Landlords file first suits against Airbnb based on NYC’s new short-term rental law

Judge issues restraining order, which could pave way for landlords to collect

Landlords Sue Airbnb, Saying it Violated NYC Local Law 18
Airbnb's Brian Chesky (Getty)

Empowered by a new city law against short-term rentals, landlords are suing Airbnb and tenants who use it.

Two Upper West Side building owners have filed lawsuits against Airbnb and their tenants, claiming they are violating Local Law 18, which took effect last month.

The legislation — the latest effort to crack down on illegal short-term rentals — requires hosts to register their listings with the city so that platforms like Airbnb and Vrbo can verify their legitimacy before posting them.

Local Law 18 also allows landlords to put their buildings on a do-not-register list, which is supposed to block tenants from listing apartments on the sites. But the landlords who sued claim Airbnb continues to allow listings in their buildings, despite their inclusion on the list.

“There’s no real incentive [to comply with the law] other than these litigations,” said Robert Morgenstern, whose Canvas Property Group manages one of the buildings, 207 Columbus Avenue.

The judge in the case issued a temporary restraining order late last month directing Airbnb and the tenant to stop advertising the listing. Morgenstern’s attorney called it a landmark ruling that will allow other landlords to use the new law.

“The way these laws are written, it puts the burden on the landlords to enforce the law,” said Michael Pensabene of Rosenberg & Estis. “Airbnb continues to flout Local Law 18 . . . and in my experience, these hosts look to get away with as much as they can.”

Sign Up for the undefined Newsletter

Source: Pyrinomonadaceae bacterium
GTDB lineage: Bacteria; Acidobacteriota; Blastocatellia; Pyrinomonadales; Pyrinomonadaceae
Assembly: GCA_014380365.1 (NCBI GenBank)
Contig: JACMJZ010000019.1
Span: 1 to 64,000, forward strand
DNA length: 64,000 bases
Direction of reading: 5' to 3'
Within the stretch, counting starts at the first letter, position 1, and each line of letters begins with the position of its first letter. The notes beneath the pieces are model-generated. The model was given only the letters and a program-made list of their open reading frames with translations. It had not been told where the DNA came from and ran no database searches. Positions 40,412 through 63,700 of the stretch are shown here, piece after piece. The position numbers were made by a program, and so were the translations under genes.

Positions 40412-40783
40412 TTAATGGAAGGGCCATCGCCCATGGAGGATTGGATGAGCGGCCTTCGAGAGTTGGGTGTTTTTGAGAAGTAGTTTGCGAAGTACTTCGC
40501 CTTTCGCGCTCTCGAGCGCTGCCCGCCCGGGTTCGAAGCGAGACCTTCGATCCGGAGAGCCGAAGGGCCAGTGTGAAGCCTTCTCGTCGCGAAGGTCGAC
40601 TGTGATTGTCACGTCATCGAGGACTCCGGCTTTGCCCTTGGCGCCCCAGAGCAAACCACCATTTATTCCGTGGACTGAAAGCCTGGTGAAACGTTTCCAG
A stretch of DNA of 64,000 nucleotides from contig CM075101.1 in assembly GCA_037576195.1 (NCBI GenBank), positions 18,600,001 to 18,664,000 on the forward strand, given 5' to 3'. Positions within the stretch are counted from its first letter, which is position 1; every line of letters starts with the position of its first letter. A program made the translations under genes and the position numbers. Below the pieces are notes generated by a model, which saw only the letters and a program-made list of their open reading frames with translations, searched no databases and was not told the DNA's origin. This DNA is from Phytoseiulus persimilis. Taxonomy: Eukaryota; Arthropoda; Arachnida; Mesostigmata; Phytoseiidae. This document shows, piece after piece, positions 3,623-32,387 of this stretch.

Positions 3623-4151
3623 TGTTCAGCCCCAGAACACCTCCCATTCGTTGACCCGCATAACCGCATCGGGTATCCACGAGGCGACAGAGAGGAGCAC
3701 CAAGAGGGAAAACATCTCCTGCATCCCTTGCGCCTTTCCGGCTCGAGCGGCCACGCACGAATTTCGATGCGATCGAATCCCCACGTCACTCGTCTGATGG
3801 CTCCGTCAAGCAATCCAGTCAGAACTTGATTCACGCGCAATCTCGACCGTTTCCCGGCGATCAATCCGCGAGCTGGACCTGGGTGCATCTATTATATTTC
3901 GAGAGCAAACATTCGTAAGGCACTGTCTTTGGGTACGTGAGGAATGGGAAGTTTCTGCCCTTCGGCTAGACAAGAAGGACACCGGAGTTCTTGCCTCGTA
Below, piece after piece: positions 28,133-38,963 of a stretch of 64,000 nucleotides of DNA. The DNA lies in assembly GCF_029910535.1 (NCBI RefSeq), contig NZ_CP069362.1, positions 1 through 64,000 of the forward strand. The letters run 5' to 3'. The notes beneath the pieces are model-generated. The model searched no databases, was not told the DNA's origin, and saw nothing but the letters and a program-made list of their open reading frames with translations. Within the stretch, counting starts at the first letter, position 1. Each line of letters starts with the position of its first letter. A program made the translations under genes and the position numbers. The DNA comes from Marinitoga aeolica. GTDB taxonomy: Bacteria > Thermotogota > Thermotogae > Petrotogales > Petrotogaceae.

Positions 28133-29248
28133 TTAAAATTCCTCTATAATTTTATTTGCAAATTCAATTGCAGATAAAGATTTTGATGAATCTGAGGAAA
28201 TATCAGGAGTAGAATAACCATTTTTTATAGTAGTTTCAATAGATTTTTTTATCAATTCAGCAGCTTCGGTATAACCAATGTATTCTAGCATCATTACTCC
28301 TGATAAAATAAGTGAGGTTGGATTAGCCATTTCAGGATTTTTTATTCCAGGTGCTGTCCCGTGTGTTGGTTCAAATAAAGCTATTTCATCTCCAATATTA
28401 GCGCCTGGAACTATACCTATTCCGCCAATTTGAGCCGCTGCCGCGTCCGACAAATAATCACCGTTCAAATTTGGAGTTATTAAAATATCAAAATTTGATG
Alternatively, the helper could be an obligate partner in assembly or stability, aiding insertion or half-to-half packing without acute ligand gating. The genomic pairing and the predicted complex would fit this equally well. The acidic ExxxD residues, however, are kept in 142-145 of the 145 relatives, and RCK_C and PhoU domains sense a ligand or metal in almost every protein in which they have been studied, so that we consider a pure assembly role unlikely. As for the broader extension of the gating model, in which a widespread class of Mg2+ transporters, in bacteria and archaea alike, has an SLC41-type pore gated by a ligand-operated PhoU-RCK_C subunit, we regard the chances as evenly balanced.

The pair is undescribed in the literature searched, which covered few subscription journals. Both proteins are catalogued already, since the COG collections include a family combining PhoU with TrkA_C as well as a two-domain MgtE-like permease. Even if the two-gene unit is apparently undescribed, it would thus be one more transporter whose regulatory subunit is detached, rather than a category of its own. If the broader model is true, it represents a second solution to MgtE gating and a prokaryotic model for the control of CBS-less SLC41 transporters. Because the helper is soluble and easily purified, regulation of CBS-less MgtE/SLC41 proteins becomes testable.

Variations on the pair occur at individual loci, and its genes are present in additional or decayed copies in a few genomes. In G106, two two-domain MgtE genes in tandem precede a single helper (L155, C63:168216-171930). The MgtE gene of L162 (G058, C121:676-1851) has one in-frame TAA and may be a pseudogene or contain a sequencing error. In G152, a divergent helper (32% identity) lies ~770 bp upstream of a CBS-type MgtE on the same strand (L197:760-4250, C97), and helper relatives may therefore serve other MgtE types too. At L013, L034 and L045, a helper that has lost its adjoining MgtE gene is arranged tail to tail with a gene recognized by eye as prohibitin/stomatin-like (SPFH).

By signing up, you agree to TheRealDeal Terms of Use and acknowledge the data practices in our Privacy Policy.

A spokesperson for Airbnb wrote in an email that the company relies on the city’s verification system to determine whether a listing is in compliance with the law. A representative for the city’s Office of Special Enforcement did not respond to a question on how it handled the two buildings in the lawsuits.

The second lawsuit was brought by Milstein Properties at 30 West 63rd Street

Landlords typically include clauses in their leases that ban tenants from renting out their apartments without the owner’s permission. Illegal rentals by tenants often annoy law-abiding tenants and leave building owners vulnerable to fines. But landlords inclined to stop such rentals have had no easy way to do so.

Local Law 18 was supposed to change that. The law not only provides a technological way to prevent illegal listings, but it also subjects violators to fines of up to $5,000.

The city’s regulation went into effect after Airbnb delayed it through litigation. The company sued in June, claiming the law was a de-facto ban on short-term rentals and violated previous agreements Airbnb had with the city.

The judge in the case disagreed and tossed the lawsuit in August, paving the way for the new rules to go into effect.

Read more